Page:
Researchers published a study in 1978 in the British Journal of Dermatology, describing their findings on 23 subjects (14 male, 9 female) with fiddler’s neck. The most common symptoms were thickened skin with exaggerated skin markings (in 82% of subjects) and inflammatory pimples (in 91%) on the left side of the neck. Other symptoms included redness, pustules, and hardening of the skin. The researchers highlighted several factors that contribute to the condition:
- Long duration of play with many hours of daily practice
- Increased pressure of the instrument on the neck due to tiredness or poor grip
- Greater friction between the instrument and the skin due to poor technique
- Poor hygiene
The researchers decided that fiddler’s neck is an example of acne mechanica because it was caused by the physical irritation of the violin or viola on the skin.7 It is an example of occupational acne, specifically, because some of the musicians were professionals and played their instruments frequently.
What Can Be Done About It?
As we can see, life can present us with physical irritation of the skin in many ways. While it is impossible to completely avoid physical irritation, it is nevertheless a good idea to pay attention to anything that might be repeatedly irritating your skin. If you can reduce the irritation, do so. For instance, stop using exfoliating scrubs, wash your face with only your bare hands and not with a washcloth or cleansing brush, and whatever you do, DO NOT PICK at your skin. If you cannot reduce the irritation—for instance, if you have to continue wearing a facemask for a sport—make sure to perform your daily anti-acne regimen carefully in that area to combat the irritation.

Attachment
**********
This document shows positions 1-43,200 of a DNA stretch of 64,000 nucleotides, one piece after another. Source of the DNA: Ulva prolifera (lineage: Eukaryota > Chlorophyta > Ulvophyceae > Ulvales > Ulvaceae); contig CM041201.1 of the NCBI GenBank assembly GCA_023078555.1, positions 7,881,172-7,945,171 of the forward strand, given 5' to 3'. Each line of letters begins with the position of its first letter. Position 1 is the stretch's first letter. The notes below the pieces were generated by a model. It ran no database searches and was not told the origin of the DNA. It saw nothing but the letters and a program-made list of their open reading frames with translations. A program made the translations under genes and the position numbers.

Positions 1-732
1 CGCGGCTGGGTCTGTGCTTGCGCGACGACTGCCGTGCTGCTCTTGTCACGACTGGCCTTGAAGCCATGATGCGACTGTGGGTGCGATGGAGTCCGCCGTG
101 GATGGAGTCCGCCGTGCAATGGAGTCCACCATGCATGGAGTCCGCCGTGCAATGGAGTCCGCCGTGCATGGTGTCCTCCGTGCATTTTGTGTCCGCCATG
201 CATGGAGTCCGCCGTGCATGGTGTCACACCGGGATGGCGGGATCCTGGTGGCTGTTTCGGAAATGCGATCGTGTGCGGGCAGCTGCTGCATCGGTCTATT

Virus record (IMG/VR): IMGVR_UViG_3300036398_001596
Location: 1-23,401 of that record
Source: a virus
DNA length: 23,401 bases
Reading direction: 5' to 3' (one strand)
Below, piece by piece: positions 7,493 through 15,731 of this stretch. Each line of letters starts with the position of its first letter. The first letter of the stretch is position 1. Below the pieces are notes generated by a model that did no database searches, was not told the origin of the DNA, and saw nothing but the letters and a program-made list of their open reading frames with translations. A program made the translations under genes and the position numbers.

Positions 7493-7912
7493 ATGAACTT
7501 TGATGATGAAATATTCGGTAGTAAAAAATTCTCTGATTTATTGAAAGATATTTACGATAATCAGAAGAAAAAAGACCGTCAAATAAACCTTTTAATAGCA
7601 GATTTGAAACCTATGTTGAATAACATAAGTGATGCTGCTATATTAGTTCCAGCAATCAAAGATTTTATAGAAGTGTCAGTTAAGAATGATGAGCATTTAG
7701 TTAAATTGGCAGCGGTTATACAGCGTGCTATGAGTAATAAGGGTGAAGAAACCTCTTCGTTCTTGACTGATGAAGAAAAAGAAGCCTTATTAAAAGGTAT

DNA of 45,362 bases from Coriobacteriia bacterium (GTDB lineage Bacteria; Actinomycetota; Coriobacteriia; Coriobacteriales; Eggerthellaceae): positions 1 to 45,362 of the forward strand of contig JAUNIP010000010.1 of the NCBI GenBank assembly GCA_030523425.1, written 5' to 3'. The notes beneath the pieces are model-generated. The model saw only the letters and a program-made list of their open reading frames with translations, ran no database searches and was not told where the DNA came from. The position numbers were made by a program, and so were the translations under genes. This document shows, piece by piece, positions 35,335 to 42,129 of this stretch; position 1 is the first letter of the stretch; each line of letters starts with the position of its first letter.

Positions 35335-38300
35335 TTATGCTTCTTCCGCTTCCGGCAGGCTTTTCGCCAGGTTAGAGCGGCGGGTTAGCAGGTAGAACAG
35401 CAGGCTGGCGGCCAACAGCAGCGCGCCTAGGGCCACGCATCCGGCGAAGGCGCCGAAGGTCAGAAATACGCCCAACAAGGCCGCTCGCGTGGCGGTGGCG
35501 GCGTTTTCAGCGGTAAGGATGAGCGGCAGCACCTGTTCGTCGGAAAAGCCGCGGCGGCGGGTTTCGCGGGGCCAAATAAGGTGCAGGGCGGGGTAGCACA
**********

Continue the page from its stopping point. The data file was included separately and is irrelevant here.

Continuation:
Tip: While the best defense against physical irritation is an effective daily anti-acne regimen, additional application of glycolic acid to physically-irritated areas of your skin can provide even more insurance against breakouts when that area has been irritated.
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- Mills, O. & Kligman, A. Acne mechanica. Arch. Dermatol. 111, 481–483 (1975).
- Seneschal, E. et al. Exogenous inflammatory acne due to combined application of cosmetic and facial rubbing. Dermatology 224, 221–223 (2012).
- Tan, S. et al. Acne mechanica. Brit. Med. J. 1, 130 (1976).
- Salami, T., Omeife, H. & Samuel, S. Prevalence of acne keloidalis nuchae in Nigerians. Int. J. Dermatol. 46, 482–484 (2007).
- Basler, R. S., Hunzeker, C. M. & Garcia, M. A. Athletic skin injuries: combating pressure and friction. Phys. Sportsmed. 32, 33–40 (2004).
- Knable, A. L. Jr., Hanke, C. W. & Gonin, R. Prevalence of acne keloidalis nuchae infootball players. J. Am. Acad. Dermatol. 37, 570–574 (1997).
- Peachey, R. D. & Matthews, C. N. Fiddler’s neck. Brit. J. Dermatol. 98, 669-674 (1978).